20190426_new_russiaplane_pic_cm002 (copy) (copy)

A Russian air force Tu-214 flies towards Offutt Air Force Base as part of the Open Skies Treaty on April 26. Members of the House of Representatives recently held public hearings and introduced legislation to counter a possible move by the Trump administration to pull out of the treaty.

After the Soviet Union collapsed in 1991, the George H.W. Bush administration negotiated an agreement with 33 other countries to begin Open Skies reconnaissance flights over each other’s territory. The monitoring promotes strategic stability by verifying compliance with treaty obligations for conventional and nuclear forces.

Surveillance aircraft from the 55th Wing at Offutt Air Force Base have played a key role in the initiative for decades. Crews with the 55th Wing have carried out as many as a dozen missions over Russia in a year.

Critics of the Open Skies program in Congress and in the Trump administration say the U.S. should end its participation. Russia gains too much from the flights, they say. But U.S. Rep. Don Bacon, a former 55th Wing commander, and other Open Skies supporters have the better argument. The flights monitor a wide range of Russian activities and provide key information about that country’s military movements in sensitive areas such as the region including Ukraine. U.S. planes have flown three times as many surveillance missions over Russian territory than vice versa.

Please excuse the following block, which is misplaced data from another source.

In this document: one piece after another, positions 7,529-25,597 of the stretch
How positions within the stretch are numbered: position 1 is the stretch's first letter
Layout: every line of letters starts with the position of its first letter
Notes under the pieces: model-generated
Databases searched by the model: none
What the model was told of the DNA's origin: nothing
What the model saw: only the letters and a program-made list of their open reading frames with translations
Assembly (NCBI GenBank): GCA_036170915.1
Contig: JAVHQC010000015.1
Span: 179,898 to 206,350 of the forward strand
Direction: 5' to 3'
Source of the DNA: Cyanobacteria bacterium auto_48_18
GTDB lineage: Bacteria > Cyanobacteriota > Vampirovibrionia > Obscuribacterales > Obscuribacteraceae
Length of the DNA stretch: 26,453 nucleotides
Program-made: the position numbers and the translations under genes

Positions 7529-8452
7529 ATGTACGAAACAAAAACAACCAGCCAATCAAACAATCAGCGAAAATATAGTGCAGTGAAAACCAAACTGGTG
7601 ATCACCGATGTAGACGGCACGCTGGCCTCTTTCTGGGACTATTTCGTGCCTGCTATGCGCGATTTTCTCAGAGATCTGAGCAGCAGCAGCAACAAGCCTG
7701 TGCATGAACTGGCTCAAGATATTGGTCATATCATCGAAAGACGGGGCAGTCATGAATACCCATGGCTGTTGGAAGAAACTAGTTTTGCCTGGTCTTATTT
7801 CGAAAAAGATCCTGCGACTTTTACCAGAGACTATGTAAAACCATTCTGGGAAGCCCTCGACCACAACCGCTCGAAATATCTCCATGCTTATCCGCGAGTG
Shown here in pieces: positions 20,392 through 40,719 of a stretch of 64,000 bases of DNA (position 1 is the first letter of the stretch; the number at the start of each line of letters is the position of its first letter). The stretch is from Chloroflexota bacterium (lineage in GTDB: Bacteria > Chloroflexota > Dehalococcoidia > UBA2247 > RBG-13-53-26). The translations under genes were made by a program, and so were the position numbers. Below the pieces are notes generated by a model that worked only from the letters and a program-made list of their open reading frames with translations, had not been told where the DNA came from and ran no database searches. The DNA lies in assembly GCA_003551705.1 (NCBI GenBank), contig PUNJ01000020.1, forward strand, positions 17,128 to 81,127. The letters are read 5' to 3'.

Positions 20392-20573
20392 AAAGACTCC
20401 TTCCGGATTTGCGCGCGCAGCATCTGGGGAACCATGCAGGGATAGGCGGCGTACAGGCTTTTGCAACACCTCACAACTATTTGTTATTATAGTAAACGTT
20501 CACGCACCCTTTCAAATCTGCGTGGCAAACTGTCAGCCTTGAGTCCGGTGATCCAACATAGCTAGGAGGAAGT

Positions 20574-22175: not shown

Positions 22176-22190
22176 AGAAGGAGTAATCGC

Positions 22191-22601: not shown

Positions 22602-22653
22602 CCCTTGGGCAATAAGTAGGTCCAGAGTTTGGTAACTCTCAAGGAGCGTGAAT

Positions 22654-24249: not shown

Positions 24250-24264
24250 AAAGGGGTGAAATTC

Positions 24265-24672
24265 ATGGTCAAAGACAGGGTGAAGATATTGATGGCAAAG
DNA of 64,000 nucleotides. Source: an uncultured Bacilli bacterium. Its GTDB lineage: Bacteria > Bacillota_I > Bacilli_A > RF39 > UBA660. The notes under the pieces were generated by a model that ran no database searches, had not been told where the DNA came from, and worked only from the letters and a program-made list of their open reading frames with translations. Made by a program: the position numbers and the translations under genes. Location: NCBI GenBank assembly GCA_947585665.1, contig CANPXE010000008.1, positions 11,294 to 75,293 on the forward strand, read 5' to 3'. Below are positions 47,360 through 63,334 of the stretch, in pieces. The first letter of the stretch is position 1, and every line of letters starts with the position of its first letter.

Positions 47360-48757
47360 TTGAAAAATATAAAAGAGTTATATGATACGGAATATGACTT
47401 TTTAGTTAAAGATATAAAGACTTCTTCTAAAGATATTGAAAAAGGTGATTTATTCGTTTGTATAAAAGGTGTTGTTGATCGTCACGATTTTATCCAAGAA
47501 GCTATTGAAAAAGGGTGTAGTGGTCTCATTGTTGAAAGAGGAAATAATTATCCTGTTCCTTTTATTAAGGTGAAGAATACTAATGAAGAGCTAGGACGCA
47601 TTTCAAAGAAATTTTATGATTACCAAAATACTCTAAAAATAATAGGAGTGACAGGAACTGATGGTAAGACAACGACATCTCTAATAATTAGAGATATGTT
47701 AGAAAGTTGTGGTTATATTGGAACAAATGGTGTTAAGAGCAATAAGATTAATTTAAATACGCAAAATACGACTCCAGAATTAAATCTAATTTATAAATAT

Then-Defense Secretary Jim Mattis testified before Congress in May 2018 that Open Skies flights are an important source of “greater transparency and stability” and a valuable “mechanism of engagement” with other participating nations. The bottom line, he told lawmakers, is that it is “in our nation’s best interest” to remain a partner in the initiative.

Nebraska’s congressional delegation has long supported the initiative. Bacon, U.S. Rep. Jeff Fortenberry and U.S. Sen. Deb Fischer have all worked energetically to secure funding to replace aging Open Skies aircraft based at Offutt.

The soundest course is to modernize those aircraft to ensure the highest-quality monitoring of Russian activities in a complex, dangerous world.

Commenting is limited to Omaha World-Herald subscribers. To sign up, click here.

If you're already a subscriber and need to activate your access or log in, click here.

Load comments

You must be a full digital subscriber to read this article You must be a digital subscriber to view this article.